x Abu Dhabi, UAEWednesday 26 July 2017

Hunt for oil raises stakes between Asian rivals in South China Sea

With the promise of huge reserves under the seabed, the potential for military confrontation surfaces as China and its main Asian rival, India, compete for regional dominance and hydrocarbons.

DELHI // Tensions are rising in the waters of the South China Sea where the competition for oil and regional dominance between India and China is entering a potentially dangerous phase.

When India's external affairs minister, SM Krishna, flew to Vietnam last week, one of the main points on his agenda was a plan to secure hydrocarbon exploration rights for the international arm of India's state-owned Oil and Natural Gas Corps (ONGC).

It was a controversial move, since the blocks lie offshore in the South China Sea, the most disputed maritime region in the world.

Six different countries have been arguing about ownership of these waters for decades, often citing centuries-old precedents to back up their claims. China has taken a particularly strident approach to the dispute, claiming practically the entire South China Sea as its "indisputable sovereign territory".

For a long time, the claimants were happy to let the quarrel simmer quietly in the background, but the promise of huge hydrocarbon reserves under the seabed has significantly raised the stakes in recent years. With China's main Asian rival now wading into the dispute, the potential for military confrontation has once again surfaced.

A vitriolic editorial last week in one of China's more hawkish state-run newspapers, Global Times, described India's actions as a "serious political provocation".

"China should resolutely stop [ONGC] from pursuing this course of action," it said. "Reasoning may be used first, but if India is persistent in this, China should try every means possible to stop this cooperation from happening."

In a statement on Monday, China's foreign ministry did not name India specifically, but said that oil and gas exploration activities "in this jurisdiction" by "any country" without the approval of the Chinese government "constitutes an infringement upon China's sovereignty and national interest" and was therefore "illegal and invalid".

India says that its plans to explore for oil off the coast of Vietnam are entirely legitimate. "Whatever we do as a peace-loving and law-abiding nation is very much within international norms and conventions," said a spokesman for India's external affairs ministry.

This is unlikely to carry much weight with Beijing, which has been increasingly flexing its military might in the South China Sea. In May and June, Chinese vessels severed the cables of PetroVietnam survey ships operating in Philippine and Vietnamese waters.

The following month, an Indian naval ship, INS Airavat, was confronted by a Chinese warship shortly after leaving a Vietnamese port and accused of trespassing in Chinese waters.

Experts say this recent assertiveness could reflect a growing fear in China that it is losing its grip on the region.

The involvement of the United States, whose secretary of state, Hillary Clinton, last year described the South China Sea as "a leading diplomatic priority" has only heightened concerns in Beijing.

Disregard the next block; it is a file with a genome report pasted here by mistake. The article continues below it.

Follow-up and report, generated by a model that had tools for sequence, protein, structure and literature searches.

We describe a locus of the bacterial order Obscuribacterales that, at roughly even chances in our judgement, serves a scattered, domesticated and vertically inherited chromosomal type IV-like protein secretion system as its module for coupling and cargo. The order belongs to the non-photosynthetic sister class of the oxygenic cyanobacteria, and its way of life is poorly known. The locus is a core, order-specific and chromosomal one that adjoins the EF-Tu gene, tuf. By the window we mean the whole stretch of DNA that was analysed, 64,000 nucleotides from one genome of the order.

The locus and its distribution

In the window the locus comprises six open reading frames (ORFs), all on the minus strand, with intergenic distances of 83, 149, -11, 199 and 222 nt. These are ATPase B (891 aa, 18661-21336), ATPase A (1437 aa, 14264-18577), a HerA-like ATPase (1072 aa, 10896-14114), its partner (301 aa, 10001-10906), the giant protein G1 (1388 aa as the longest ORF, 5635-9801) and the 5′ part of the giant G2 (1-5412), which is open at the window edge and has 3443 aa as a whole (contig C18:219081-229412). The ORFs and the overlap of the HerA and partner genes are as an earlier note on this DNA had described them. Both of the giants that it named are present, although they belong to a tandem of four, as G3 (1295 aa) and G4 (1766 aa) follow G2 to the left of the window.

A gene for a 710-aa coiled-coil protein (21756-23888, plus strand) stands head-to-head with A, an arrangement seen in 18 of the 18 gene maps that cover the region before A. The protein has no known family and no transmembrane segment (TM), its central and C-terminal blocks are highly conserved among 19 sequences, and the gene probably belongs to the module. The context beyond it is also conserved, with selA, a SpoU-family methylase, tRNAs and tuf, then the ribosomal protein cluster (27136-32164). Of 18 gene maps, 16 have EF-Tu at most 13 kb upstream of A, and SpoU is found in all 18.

Christian Le Mière, a research fellow for maritime security at the International Institute for Strategic Studies in London, said: "China is increasingly isolated on this issue.

"All the concerned states submitted their claims on the South China Sea in 2009 according to the UN Convention of the Law of the Sea. That correspondence made it apparent that China's claims are highly ambiguous and inconsistent under international law."

US diplomatic cables published recently by WikiLeaks revealed that India's ONGC had already been warned by Chinese officials about working in the region, as had many other international companies, including Chevron and Exxon Mobil in the US, Russia's Gazprom, and Australia's Santos.

The cables also suggest that Chinese pressure may explain why BP, based in the UK, abandoned two exploration blocks it had leased from PetroVietnam.

"On June 8 [2007], China warned BP to cease work in [blocks] 5-2/5-3 and threatened unspecific 'economic consequences' if BP failed to abide," the September 2007 cable said.

"BP, which has significant energy investments in China, particularly in the downstream sector, quickly acceded by suspending, and then cancelling, its PetroVietnam contract."

India is unlikely to be as easily cowed by Chinese pressure. Its "Look East" policy has led it to establish close relations with a number of South East Asian nations, particularly Vietnam, with whom it formalised a strategic partnership in 2007.

Mr Prakash, the external affairs spokesman, said: "We have a long-standing historical relationship with Vietnam. One of the most important aspects is our big ticket investments in energy and hydrocarbons, and we will continue to build on these."

Many interested parties are now watching closely to see what happens when ONGC starts actively searching for oil in the disputed seas.

Ian Storey, a senior fellow at the Institute of South East Asian Studies in Singapore, said: "It remains to be seen how China will react. But if ONGC charters a survey ship to work off Vietnam, it may well be harassed by China's maritime agencies. This would represent a worrying escalation of the dispute."

foreign.desk@thenational.ae